talking to friends whove scored well, ive been told that if you JUST do what the class tells you to, you'll probably be status quo--unless you are really bright. Moreso than anything, the mcat is a time commitment, for me, Ive been studying the last 4 months the following way: 1.5 months thoroughly reviewing content (it had been 4 years since i had taken some of these classees) via EK and Kaplan books..Then i started a more rigid schedule. The kaplan online materials i bought gives you access to sectional tests as well as 10 FL's in addition to the 8 aamcs...what i started to do is take a real test, break for two days, then take a mock test made up of three sectional tests...during the off days, i would spend 1 day reviewing the test by creating an excel spreadsheet and keeping track of every error, and every right answer i got lucky on/guessed, and tried identifying my thought pattern and why I thought it was right, and what they were actually trying to test...Then in the other off day between tests, I would do my second round of content review which means re-reading all the material again. With 30 or some odd days to go till the test, I am now on my third round of reading the EK and kaplan again (granted by the third time im spending ~3-4 days per subject). I have 1 fresh aamc and 1 fresh kaplan that im saving for the week before the exam. Im now testing every other day and using the offdays to go over tests and have had the goal to do every test a second time around. With 20 days to go to the test I am going to test everyday until 1 week prior at which point ill take one test three days before the exam and keep myself rested. I know people might think im crazy or think that its a way to burn out, but after having taken so many tests, I look at the mcat kind of like a fun challenge lol, and i try and ahve the mindset of enjoying the test--or atleast the part where u get the scores back... its a pretty rigorous schedule, and for me, im not a quick learner and started off with a horrible diagnostic--so well see if it works.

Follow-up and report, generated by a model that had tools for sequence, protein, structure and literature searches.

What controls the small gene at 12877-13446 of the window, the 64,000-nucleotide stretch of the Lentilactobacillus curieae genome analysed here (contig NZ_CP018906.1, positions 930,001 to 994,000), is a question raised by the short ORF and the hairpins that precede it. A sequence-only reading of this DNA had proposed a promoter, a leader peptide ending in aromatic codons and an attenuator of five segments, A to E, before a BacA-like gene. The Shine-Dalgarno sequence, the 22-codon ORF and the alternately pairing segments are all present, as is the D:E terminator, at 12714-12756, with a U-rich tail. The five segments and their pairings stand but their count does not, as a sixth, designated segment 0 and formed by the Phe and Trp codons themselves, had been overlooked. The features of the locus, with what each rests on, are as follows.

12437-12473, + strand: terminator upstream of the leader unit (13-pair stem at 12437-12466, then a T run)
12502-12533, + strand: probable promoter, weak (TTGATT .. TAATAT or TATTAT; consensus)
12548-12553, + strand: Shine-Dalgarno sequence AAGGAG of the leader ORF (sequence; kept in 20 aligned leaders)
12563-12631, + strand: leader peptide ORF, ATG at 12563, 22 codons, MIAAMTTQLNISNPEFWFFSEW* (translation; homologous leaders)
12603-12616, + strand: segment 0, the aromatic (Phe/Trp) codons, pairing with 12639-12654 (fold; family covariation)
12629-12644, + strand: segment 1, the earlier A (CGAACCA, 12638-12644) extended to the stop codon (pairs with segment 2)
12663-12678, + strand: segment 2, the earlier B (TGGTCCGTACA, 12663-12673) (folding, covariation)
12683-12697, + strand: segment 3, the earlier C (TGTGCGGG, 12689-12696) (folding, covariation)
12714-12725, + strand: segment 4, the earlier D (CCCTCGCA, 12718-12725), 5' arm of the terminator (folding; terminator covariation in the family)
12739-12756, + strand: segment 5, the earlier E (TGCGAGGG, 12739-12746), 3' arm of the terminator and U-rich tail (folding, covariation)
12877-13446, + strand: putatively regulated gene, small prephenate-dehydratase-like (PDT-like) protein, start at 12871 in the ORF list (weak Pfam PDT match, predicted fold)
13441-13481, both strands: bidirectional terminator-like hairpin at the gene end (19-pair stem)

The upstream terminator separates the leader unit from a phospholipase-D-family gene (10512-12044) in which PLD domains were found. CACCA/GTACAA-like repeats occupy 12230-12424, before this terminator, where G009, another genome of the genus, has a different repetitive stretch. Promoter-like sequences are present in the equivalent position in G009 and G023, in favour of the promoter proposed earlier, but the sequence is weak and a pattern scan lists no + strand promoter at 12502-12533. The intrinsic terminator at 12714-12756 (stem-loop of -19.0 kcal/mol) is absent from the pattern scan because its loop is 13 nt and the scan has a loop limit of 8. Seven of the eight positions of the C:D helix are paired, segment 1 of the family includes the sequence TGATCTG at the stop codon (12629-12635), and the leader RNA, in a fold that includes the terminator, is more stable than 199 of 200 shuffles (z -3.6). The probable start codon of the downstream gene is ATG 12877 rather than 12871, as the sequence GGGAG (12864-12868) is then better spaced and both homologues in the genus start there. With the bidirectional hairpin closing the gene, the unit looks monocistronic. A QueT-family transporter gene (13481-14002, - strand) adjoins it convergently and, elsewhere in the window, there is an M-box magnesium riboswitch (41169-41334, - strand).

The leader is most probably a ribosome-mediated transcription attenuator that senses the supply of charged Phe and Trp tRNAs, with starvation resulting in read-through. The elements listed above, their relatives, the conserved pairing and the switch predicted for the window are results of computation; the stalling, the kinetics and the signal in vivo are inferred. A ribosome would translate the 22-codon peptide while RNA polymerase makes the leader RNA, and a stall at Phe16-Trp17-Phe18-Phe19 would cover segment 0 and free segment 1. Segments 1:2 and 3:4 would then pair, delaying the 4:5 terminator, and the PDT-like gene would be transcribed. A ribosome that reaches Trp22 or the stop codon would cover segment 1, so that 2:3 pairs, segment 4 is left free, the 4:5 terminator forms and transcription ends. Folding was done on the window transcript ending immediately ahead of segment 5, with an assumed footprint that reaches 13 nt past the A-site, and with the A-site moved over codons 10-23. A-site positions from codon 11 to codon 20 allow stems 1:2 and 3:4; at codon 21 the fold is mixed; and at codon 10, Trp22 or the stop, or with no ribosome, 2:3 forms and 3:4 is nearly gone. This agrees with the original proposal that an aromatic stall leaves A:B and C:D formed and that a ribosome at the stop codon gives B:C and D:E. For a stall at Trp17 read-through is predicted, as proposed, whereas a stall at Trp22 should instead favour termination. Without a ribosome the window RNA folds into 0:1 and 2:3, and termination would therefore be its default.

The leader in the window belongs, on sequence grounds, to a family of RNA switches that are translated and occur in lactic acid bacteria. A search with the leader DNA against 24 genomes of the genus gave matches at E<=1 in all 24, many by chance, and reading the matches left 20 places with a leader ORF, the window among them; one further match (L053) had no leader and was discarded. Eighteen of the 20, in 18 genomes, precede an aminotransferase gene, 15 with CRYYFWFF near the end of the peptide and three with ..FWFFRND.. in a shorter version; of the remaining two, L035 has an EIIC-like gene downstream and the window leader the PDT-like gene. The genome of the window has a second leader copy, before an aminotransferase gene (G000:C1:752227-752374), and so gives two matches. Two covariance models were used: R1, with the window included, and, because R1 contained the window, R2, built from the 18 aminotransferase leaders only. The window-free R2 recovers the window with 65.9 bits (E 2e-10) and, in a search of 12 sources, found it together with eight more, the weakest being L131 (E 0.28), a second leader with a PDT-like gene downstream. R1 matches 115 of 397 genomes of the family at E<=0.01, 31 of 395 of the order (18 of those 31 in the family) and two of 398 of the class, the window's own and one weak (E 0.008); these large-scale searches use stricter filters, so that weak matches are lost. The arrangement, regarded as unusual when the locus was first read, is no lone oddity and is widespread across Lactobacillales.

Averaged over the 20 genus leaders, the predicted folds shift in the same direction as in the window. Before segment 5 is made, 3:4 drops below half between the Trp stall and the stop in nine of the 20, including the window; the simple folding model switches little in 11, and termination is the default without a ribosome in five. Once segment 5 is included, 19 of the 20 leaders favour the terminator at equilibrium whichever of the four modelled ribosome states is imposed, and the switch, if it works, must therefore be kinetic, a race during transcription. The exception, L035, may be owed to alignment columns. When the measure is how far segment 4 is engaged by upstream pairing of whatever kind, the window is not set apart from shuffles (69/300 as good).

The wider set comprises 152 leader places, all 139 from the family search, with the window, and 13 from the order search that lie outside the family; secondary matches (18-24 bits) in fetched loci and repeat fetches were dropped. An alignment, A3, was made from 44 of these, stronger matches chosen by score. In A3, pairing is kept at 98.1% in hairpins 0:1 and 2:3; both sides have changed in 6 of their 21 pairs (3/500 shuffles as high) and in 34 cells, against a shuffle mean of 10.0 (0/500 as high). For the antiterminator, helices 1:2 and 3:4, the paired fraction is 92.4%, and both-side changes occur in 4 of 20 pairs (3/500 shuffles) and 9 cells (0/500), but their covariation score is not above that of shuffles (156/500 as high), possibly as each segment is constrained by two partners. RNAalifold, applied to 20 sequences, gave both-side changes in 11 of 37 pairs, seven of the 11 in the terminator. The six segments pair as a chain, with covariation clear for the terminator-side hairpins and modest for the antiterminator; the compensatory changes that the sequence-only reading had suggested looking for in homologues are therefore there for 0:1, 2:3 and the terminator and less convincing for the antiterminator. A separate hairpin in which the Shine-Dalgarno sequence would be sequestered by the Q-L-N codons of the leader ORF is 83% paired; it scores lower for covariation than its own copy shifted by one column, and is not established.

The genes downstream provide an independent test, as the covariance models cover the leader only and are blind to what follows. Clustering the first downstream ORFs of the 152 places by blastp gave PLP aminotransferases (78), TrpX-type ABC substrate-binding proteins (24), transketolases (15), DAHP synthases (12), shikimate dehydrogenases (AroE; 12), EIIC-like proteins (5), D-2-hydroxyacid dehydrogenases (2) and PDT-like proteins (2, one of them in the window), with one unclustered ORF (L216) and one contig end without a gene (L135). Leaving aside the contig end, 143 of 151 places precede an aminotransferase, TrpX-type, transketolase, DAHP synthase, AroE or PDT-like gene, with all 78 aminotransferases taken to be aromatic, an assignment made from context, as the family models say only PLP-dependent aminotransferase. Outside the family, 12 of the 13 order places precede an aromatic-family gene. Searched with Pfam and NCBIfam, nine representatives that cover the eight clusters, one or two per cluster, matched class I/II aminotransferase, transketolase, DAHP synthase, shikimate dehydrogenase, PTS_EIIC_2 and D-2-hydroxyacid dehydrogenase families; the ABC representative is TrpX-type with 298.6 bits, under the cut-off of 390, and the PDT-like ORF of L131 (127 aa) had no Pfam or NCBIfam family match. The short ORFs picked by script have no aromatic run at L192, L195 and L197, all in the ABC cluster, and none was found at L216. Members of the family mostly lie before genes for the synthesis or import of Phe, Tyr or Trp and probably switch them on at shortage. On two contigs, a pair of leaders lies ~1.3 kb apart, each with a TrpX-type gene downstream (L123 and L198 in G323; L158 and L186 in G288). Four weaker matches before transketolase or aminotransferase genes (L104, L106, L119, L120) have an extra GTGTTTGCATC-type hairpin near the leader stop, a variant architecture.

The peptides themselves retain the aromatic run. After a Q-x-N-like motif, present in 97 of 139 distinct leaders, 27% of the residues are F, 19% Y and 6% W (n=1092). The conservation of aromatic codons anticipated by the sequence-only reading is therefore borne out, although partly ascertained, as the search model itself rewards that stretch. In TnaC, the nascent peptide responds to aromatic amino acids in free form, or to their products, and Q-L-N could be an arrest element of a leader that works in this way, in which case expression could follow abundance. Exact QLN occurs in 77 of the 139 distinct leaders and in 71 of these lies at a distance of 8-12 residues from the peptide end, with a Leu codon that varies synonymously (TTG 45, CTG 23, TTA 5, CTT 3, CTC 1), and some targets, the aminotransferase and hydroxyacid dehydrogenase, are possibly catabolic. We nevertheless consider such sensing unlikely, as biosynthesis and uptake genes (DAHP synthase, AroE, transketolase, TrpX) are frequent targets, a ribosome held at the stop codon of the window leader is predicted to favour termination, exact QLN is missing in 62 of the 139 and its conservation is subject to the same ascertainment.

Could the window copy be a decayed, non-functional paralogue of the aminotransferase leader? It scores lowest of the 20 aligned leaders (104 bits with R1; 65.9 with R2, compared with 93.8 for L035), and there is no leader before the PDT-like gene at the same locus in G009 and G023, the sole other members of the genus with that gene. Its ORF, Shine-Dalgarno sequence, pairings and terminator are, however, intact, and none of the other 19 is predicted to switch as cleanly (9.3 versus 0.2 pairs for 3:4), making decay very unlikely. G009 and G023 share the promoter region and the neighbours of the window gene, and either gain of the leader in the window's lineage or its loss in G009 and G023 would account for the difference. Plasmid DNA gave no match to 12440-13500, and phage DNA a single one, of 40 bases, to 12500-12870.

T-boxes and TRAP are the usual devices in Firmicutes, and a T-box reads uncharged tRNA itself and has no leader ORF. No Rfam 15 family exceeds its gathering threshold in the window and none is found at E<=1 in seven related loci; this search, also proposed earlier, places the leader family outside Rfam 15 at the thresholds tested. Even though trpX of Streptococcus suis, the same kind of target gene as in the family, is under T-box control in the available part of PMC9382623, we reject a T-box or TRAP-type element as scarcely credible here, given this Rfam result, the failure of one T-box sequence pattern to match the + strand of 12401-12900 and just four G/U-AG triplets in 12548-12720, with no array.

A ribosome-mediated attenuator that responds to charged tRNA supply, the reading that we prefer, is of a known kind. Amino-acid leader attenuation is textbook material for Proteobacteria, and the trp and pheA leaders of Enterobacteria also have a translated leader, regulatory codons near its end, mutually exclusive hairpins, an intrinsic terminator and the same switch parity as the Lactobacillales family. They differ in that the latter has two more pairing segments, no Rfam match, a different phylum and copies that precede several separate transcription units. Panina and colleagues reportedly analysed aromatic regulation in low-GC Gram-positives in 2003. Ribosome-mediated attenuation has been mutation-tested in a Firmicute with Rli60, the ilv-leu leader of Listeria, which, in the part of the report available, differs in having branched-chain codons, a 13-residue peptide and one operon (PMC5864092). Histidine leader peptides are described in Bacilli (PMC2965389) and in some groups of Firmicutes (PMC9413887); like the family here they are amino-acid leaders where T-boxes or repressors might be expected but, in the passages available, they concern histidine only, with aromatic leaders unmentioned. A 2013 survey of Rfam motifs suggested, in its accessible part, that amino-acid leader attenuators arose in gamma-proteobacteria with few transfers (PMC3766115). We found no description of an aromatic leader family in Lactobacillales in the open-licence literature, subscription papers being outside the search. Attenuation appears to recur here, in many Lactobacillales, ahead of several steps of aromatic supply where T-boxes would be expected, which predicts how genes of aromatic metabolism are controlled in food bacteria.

akademix
 
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meliora27

10+ Year Member
Mar 7, 2007
947
868
Status
Fellow [Any Field]
I'm starting to study for the MCAT today actually. My plan is to use the EK books as my primary source along with some tests that I'll purchase. I have all of the Kaplan books so I may use those from time to time to supplement. I have Audio Osmosis which I may use as well. Hopefully it will work.
 

TheBoondocks

StreetFighter 4 Virtuoso
10+ Year Member
Jul 17, 2006
327
3
Status
Pre-Medical